The generosity of Scottish businesswoman Ann Gloag sent the total raised during an Africa Ball evening in London for Mercy Ships spiralling to a staggering £250,000.
Gloag, who funded the purchase of Mercy Ship’s 16,572-gt hospital vessel Africa Mercy (built 1980), spoke passionately about the organisation on whose UK and international boards she serves.
The ball, at London’s exclusive Landmark Hotel, aimed to raise £110,000 but Gloag, who made her fortune with brother Sir Brian Souter through their Stagecoach passenger transport empire, pledged to double donations.
The final figure for the ball has still to be determined but the money raised, including a live auction, will provide medical care and training during the Africa Mercy’s next 10-month field service in Cameroon, West Africa. It is the largest charity hospital ship in the world, with a second under construction in China.
Gloag spoke about her association with Mercy Ships since meeting its founder, Don Stephens, in 1997 and paid tribute to the hundreds of volunteer crew, including doctors and nurses, who give up their holidays and even pay to travel to and live on the ship while care is administered to some of the poorest people in the world.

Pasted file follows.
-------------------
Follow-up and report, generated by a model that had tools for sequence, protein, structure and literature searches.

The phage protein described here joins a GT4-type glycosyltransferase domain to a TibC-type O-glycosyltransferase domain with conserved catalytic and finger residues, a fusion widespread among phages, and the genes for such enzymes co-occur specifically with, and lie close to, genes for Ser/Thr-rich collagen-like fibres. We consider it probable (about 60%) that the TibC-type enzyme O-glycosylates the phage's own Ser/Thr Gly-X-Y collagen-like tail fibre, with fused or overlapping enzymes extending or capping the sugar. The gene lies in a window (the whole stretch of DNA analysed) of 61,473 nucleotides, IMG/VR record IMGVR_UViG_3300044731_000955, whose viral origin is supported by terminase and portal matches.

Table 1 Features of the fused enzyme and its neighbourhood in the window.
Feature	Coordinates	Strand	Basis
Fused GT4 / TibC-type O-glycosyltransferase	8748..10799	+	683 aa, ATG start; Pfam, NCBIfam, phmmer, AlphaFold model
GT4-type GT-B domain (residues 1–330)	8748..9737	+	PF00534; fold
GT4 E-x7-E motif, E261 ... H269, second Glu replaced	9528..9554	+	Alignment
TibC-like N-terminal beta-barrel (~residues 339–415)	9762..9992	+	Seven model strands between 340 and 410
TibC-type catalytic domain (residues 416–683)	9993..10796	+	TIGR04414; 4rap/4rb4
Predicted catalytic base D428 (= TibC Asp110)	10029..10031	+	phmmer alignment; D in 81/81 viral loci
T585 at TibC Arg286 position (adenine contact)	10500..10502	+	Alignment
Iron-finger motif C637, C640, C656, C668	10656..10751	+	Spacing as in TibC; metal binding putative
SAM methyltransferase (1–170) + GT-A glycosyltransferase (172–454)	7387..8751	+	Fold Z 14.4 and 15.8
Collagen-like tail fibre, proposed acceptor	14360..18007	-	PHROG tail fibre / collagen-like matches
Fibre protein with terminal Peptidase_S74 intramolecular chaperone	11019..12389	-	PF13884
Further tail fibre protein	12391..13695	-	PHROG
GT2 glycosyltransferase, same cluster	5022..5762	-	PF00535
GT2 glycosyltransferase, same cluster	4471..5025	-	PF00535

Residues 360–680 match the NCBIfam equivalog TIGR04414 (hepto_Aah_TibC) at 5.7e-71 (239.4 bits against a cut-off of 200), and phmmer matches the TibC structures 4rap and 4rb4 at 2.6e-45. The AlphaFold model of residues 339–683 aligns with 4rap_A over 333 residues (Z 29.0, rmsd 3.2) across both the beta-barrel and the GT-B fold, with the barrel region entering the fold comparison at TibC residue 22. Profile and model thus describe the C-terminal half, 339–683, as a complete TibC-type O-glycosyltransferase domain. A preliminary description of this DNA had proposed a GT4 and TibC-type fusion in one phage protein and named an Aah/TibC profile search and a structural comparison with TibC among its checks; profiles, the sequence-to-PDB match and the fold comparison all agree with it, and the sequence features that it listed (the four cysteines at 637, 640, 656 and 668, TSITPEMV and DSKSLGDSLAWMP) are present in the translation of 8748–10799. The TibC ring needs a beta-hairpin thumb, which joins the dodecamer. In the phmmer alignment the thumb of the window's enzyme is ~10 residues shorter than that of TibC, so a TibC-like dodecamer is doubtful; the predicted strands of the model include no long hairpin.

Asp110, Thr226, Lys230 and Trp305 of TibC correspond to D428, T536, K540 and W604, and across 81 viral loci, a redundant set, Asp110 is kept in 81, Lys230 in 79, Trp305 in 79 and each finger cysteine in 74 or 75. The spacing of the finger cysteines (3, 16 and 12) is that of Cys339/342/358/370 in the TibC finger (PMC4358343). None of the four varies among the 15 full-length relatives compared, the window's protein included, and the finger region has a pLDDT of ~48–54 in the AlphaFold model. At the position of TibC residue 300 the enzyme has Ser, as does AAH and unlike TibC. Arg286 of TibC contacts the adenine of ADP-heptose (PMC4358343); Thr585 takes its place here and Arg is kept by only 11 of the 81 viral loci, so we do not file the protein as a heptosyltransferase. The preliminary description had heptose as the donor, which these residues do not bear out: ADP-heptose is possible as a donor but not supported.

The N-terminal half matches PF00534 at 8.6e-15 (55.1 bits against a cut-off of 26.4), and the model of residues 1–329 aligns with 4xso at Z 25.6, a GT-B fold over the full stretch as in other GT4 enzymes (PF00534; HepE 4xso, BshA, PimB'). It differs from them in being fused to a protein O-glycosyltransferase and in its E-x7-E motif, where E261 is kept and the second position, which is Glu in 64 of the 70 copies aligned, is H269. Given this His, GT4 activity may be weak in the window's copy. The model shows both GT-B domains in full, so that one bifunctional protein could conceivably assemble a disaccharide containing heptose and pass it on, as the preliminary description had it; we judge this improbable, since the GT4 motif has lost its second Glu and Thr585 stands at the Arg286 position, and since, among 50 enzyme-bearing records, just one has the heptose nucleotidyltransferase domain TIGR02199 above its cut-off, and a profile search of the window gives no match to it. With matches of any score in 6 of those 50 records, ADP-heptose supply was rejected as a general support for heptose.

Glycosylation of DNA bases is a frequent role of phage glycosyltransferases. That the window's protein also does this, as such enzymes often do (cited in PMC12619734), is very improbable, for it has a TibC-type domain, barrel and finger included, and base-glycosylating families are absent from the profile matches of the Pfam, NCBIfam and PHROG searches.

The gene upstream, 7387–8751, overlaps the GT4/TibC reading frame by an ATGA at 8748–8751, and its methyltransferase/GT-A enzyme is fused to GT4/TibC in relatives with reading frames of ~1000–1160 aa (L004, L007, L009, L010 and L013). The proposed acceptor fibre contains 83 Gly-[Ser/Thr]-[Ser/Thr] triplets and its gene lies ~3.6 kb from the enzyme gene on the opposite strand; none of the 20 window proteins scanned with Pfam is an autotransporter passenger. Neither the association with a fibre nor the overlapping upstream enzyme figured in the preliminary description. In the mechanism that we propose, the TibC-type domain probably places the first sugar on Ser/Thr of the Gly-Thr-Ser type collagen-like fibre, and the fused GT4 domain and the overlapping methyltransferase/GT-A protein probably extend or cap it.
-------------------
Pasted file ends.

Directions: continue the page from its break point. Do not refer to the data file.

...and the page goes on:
The philanthropist, who has her own Gloag Foundation charitable trust, said she regarded the volunteers as “equal partners” but singled out surgeon Gary Parker, whom TradeWinds interviewed previously in its quarterly TW+ magazine.
“I have to say that to work in partnership with him is an honour,” Gloag said. “A fantastic individual who has given his life to this organisation, but mostly to the people of Africa. If you watch him, his care, his compassion, I still find it heart-rending, a great privilege to work with people like that.”
Mercy Ships’ UK chairman, Henry Clarke, had just returned from visiting the Africa Mercy , where he had seen “the amazing work that our volunteers do”.
“The fact that they pay to be onboard the ship, the fact that they are the blood bank — that says it all, because they are truly motivated to give the highest quality of service, free of charge, to the most needy in the world.”
The Africa Mercy’s impact during its recent field service in Benin, West Africa, had been “immense”, said Clarke, but there are “millions of people across the world who are waiting for urgent medical care”.
“Your generosity can have a huge impact on what is a global crisis,” he told the 230 or so guests.
Mercy Ships’ UK executive director, Lea Milligan, said that more than 2,500 operations and 9,000 dental procedures were performed in Benin, and by the time the Africa Mercy left last month to undergo essential maintenance work in Las Palmas, Gran Canaria, more than 1,200 healthcare professionals had also been trained.
It included the qualification of the country’s first ever plastic surgeon and the renovation of the first fully functional burns unit in the capital, Porto-Novo.